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Erectile Dysfunction Is Not Always Physical

If you're young and healthy, you're more likely to have sexual performance anxiety.

13/01/2017 4:09 PM AEDT | Updated 13/01/2017 4:12 PM AEDT
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The good news is that it can easily be treated.

In my practice, I see many young men who believe they have physical erectile dysfunction. They experience great fear every time they engage in sexual intercourse, especially with a new partner.

Most of these clients are healthy individuals who are not taking any medication or drugs. When I take their sexual history, I ask if they lose their erections when they masturbate and most say it usually only happens when they attempt intercourse.

Sexual performance anxiety occurs when a man anticipates a problem during the sexual act and, as a result, becomes anxious or panics while attempting to have sex.

After seeing so many men with these problems, I've come to the conclusion that most of them have acquired sexual performance anxiety. When I explain that they don't have any physical problems but have a psychological condition that can be fixed, they are very relieved.

Sexual performance anxiety occurs when a man anticipates a problem during the sexual act and, as a result, becomes anxious or panics while attempting to have sex. There are many other insecurities and questions that can occupy their minds: "Will I get hard enough?" "Will I keep it up?" "How will I compare to other guys she's been with?" "Will I last long enough?" "Will she tell her friends if I fail?"

All these thoughts can sabotage their performance and they end up losing their erections. This, in turn, exacerbates their anxiety and leads to feelings of sadness, disappointment, guilt and shame. A man's sexual performance is often perceived as synonymous with his identity and ability to be a man. Sex should be a pleasurable experience but it's very difficult when men have performance anxiety, especially when they are unaware of the reason and worry and suffer in silence.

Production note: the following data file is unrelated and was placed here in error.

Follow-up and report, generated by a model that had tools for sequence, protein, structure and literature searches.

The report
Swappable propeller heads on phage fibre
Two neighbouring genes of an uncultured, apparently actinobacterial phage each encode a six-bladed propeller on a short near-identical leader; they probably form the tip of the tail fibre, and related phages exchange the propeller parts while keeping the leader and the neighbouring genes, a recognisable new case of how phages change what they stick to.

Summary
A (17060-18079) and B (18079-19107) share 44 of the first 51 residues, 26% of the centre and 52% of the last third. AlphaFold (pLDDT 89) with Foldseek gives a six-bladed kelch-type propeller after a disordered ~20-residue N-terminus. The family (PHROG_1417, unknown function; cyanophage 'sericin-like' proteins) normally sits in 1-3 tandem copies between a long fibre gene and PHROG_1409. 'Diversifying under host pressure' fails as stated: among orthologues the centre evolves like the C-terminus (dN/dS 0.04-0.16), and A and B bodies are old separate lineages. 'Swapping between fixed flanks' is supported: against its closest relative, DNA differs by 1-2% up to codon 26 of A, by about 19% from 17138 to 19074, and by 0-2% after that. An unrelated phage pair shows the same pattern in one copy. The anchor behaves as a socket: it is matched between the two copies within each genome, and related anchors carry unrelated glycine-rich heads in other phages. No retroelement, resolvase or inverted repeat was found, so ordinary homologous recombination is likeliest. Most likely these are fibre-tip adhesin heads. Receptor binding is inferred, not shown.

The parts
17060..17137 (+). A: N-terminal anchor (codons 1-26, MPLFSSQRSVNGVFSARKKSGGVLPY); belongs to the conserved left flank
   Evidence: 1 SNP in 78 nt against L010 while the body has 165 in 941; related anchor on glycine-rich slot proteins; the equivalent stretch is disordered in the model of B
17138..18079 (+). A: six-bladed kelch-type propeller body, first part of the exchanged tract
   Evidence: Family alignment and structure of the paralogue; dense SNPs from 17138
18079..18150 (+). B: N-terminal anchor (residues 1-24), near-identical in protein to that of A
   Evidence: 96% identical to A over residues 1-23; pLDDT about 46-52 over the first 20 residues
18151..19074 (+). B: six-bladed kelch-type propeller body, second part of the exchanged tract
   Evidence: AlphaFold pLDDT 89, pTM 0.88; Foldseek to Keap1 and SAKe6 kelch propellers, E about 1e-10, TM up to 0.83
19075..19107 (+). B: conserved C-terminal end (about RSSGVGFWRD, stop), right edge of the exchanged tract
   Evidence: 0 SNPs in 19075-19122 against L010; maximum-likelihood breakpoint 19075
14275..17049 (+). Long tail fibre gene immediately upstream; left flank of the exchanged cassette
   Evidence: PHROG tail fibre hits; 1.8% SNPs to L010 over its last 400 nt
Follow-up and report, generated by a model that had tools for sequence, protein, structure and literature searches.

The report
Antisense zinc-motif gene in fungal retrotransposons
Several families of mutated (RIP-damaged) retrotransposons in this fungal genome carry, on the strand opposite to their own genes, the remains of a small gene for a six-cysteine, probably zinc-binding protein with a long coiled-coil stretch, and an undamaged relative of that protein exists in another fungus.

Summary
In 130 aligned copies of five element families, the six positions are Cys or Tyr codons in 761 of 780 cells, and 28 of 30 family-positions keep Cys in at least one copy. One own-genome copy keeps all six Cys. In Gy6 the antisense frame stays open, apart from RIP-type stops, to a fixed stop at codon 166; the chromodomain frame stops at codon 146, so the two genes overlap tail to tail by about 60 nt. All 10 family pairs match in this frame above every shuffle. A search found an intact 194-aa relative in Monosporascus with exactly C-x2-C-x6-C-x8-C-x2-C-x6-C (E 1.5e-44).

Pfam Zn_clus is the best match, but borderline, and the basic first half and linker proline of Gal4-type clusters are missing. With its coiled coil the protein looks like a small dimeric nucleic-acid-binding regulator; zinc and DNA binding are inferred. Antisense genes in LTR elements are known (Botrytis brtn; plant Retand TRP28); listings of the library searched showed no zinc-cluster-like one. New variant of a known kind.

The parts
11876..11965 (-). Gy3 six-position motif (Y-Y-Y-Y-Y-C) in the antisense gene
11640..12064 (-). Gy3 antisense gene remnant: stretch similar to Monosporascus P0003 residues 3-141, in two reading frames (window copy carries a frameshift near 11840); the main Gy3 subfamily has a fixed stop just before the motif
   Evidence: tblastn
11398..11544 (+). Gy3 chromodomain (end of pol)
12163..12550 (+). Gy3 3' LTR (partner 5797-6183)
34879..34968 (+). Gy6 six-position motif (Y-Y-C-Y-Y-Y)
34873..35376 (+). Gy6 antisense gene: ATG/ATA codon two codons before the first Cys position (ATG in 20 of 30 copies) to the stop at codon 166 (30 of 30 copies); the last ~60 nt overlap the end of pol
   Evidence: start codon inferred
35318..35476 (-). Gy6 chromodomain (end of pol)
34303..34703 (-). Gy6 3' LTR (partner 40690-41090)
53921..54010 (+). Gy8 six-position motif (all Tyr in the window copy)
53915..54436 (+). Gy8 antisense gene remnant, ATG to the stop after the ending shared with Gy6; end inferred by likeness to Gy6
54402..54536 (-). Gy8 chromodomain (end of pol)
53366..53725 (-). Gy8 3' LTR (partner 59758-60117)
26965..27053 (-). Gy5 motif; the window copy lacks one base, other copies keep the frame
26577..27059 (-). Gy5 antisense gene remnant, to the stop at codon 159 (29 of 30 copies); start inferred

The more this happens, the more these men lose their confidence. They may start avoiding sex or become so traumatised they stop having sex altogether. This cycle often continues until it is addressed. To break the cycle, they first need to admit there is a problem.

Once people understand the issues that cause the anxiety and how to reduce or eliminate it through psychosexual education, tips and techniques, the symptoms usually go away after one or two sessions.

It's important for men to be vulnerable and share the problem with their partner.

Loss of erection can also happen to men who have never had a previous problem. Even in a stable relationship, a single event can be a frightening experience and anticipating the possibility it may happen again can become a self-fulfilling fear. Men need to know that occasional sexual difficulties are normal and can happen to any guy, young or old, and that most healthy men occasionally experience erectile dysfunction or failure.

A major part of performance anxiety is the fear of what others are going to think of you. It's important for men to be vulnerable and share the problem with their partner. At the same time, the partner needs to be understanding, guiding and supporting the man by letting him know he can relax, take his time and let things happen naturally.

Unfortunately, some women and men can be tactless, often without realising how hurtful it is, by telling their partners this has never happened to them before or how well their former lovers performed. This only compounds the problem.

Young men also need to be aware that how they treat their health now can affect their sexual performance in the future. For instance, there is a strong link between smoking and erectile dysfunction due to limited blood flow. Smoking can cause hardening of the arteries and delicate penile arteries can be affected and damaged.

There are other important health issues contributing to erectile dysfunction:

  • Mental illness: stress, depression and anxiety can affect sexual performance.
  • Obesity: being very overweight can make men impotent, although with a change in eating and drinking habits this can be reversed.
  • Heavy drinking: too many drinks affects the ability to get an erection, even with the most desirous of intentions.
  • Drugs: party drugs and many prescription drugs can create huge problems.

As mentioned before, in most cases erectile dysfunction can be fixed with the help of an accredited sex therapist, which will lead to an overall happier sex life for men and their partners.

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